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Haley's Deadend - It's Time To Unite Behind Trump

She has two options: either suspend her campaign or become another Liz Cheney.

Nikki Haley, Photo credit: Gage Skidmore, via Wikimedia Commons

Speaking in Charleston, South Carolina, at her election night watch party, Nikki Haley, the former governor of the state who lost decisively to Republican front-runner Donald Trump by 20 points, said that she is a woman of her word. 

It's not the word that voters expected her to keep, though. A month ago, in New Hampshire, Haley, who won 43% of the vote, said of her upcoming home state battle in South Carolina:

What I do think I need to do is I need to show that I'm building momentum. I need to show that I'm stronger in South Carolina than in New Hampshire. Does that have to be a win? I don't think that necessarily has to be a win.

We predicted then that should Haley perform worse in South Carolina - which she did, considering that she couldn't even meet the 40% threshold, coming in at only 39% of the vote with 89% of votes counted - she would never acknowledge defeat and probably spin away her loss.

And spin is exactly what she did as she addressed her supporters:

That's about what we got in New Hampshire, too. I am an accountant, I know 40% is not 50%. But I also know 40% is not some tiny group. There are huge numbers of voters in our Republican primaries who are saying they want an alternative. I said earlier this week that no matter what happens in South Carolina, I would continue to run for president. I am a woman of my word.

If Haley is a woman of her word, she should quit the race. By her own statement a month ago, she has shown that she is not stronger in South Carolina than in New Hampshire. Deadends are hard in politics, but that's precisely where she is now. 

It's time for Haley to be gracious, concede, and unite behind Trump to beat Biden. To that end, she smartly said a few words from which she could quickly pivot without hurting her brand or political future. It could be the mantra of a robust nationwide GOP campaign unified behind Trump: "America will fail if we make the wrong choices. We need to beat Joe Biden in November."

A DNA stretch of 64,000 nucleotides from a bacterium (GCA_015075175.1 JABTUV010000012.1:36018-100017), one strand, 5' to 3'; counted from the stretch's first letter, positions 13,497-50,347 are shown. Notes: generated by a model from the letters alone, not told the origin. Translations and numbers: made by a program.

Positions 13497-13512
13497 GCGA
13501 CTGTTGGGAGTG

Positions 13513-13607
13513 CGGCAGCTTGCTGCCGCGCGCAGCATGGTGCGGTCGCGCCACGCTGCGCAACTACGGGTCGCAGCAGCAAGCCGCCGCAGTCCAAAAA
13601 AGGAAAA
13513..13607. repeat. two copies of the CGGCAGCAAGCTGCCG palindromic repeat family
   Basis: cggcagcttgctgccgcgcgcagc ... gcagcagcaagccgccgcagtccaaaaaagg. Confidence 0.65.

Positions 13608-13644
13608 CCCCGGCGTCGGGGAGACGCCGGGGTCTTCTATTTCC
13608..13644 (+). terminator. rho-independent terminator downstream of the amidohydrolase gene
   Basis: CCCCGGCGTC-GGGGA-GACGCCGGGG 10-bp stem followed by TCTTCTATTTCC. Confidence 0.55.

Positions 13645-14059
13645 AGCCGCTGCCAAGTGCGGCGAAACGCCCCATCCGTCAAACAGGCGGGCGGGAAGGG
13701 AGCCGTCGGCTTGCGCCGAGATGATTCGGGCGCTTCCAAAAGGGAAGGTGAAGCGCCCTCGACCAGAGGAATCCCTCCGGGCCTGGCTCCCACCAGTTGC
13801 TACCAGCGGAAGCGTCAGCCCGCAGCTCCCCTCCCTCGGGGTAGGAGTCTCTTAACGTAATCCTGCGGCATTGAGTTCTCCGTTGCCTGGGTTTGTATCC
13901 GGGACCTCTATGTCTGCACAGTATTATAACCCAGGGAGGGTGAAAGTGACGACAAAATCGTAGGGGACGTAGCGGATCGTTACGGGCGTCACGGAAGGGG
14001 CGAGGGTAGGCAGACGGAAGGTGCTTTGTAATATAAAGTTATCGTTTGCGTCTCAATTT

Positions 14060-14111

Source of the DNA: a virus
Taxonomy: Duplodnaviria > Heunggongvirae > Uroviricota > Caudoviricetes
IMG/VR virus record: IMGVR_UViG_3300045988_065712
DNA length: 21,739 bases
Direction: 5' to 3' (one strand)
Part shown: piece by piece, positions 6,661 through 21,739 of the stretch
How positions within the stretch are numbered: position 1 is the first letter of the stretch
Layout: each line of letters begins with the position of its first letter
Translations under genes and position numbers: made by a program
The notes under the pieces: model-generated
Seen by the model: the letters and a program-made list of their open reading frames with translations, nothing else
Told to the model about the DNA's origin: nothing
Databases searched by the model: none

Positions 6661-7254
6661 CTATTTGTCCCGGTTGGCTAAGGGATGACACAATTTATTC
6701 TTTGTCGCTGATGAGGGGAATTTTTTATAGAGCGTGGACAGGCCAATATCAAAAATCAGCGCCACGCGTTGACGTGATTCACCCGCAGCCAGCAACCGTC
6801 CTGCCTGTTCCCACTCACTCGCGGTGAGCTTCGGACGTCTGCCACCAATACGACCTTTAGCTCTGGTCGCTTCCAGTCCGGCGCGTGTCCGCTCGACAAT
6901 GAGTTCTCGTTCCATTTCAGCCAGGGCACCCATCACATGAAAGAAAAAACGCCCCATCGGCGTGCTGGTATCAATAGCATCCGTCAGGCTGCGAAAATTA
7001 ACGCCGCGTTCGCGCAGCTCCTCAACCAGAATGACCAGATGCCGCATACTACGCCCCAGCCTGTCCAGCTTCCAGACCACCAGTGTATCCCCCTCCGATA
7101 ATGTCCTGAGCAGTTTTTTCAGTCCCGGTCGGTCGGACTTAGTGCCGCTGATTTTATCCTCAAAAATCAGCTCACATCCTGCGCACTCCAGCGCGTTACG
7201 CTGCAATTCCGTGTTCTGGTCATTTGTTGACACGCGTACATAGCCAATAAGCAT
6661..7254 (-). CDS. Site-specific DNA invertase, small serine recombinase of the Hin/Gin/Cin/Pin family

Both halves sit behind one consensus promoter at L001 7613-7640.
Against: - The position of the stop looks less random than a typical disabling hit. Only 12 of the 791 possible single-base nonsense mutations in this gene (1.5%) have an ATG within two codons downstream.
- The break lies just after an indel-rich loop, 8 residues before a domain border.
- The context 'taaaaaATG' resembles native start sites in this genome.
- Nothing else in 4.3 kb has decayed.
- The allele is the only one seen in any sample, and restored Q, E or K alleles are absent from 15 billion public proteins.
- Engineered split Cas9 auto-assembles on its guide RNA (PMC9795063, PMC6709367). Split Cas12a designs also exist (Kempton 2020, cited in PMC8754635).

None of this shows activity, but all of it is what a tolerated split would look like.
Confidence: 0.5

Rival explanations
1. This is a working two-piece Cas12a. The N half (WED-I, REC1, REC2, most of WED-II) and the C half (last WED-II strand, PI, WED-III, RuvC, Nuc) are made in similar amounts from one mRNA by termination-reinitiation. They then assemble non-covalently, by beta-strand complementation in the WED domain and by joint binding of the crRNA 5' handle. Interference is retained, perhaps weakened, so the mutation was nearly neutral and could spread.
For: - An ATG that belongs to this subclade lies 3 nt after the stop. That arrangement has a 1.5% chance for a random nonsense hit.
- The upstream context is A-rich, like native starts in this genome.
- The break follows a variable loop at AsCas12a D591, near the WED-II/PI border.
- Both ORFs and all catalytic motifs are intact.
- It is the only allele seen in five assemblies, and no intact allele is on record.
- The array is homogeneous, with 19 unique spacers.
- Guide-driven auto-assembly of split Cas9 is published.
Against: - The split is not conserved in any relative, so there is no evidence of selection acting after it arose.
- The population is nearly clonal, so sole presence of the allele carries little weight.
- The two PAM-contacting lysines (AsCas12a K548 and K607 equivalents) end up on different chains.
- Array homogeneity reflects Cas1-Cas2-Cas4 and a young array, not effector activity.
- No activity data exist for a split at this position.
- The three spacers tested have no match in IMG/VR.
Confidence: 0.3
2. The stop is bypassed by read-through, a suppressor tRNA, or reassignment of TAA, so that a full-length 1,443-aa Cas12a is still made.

Haley has burned too many bridges to contribute to Trump's reelection efforts, but a decision to end her campaign immediately could put her in good stead to earn the Secretary of State spot in Trump's second term. Politically, it would be wise for Trump not to have her be a thorn in his side in America, appearing on TV  and constantly second-guessing Trump's every statement or policy action.   

As a former UN ambassador, Haley could be the moderating voice abroad to calm nervous foreign capitals who are anxious that Trump’s return could devastate existing alliances. A Haley appointment to run Foggy Bottom would also neutralize Trump's critics who charge that Trump is too pally with Russia. Haley has been a staunch defender of Ukraine, belongs to the Military Industrial Complex wing of the GOP, and could serve as an olive branch extender to the America First agenda. A second Trump administration would pursue an America First agenda anyway, so there's little risk of Haley upsetting Trump's priorities. 

Haley's insistence that she is a compelling candidate for the GOP nomination because she won 40% of the vote is downright dishonest. In a two-person race, her support in both New Hampshire and South Carolina came from party crossovers. Her campaign, powered by TDS supporters, the liberal media, and Democratic donors, tried to replicate Liz Cheney's strategy (when Cheney begged Democrats to vote for her in the Wyoming congressional primary in 2022). 

South Carolina has an open primary, so Democrats are free to vote in the Republican primary as long as they don't also vote in the Democratic primary. Biden was always expected to win the SC primary, given how the Palmetto State put him on the road to the White House in 2020. Indeed, on February 4, Biden won more than 96% of the South Carolina primary vote. Many Democrats never participated in their primary, holding their choices to vote for Haley to hurt Trump. These voters would never cast a ballot for Haley in the general election. 

A more accurate evaluation of Haley's standing came from the results of the Nevada primary held on February 6, which were not binding regarding awarding delegates. Nevada had switched to a caucus format to award delegates, which Trump won handily. Trump wasn't on the primary ballot (candidates could only be on one of them), which meant there were only two choices for voters: Haley and "none of these candidates." Even then, Haley only captured 32% of the vote. It was an electoral disaster when "none" claimed nearly 62%.

So, RINO Nikki Haley has lost four elections in a row - Iowa, New Hampshire, Nevada, and now her home state of South Carolina. In Iowa, Haley came in third, behind Trump and Ron DeSantis. There's no political path forward for Haley in 2024 without a legal or medical Trump disqualification.  

So, it is time for Haley to quit and unite behind Trump. Any other decision will put an end to her political career. If she has any doubts, she should talk to Liz Cheney.

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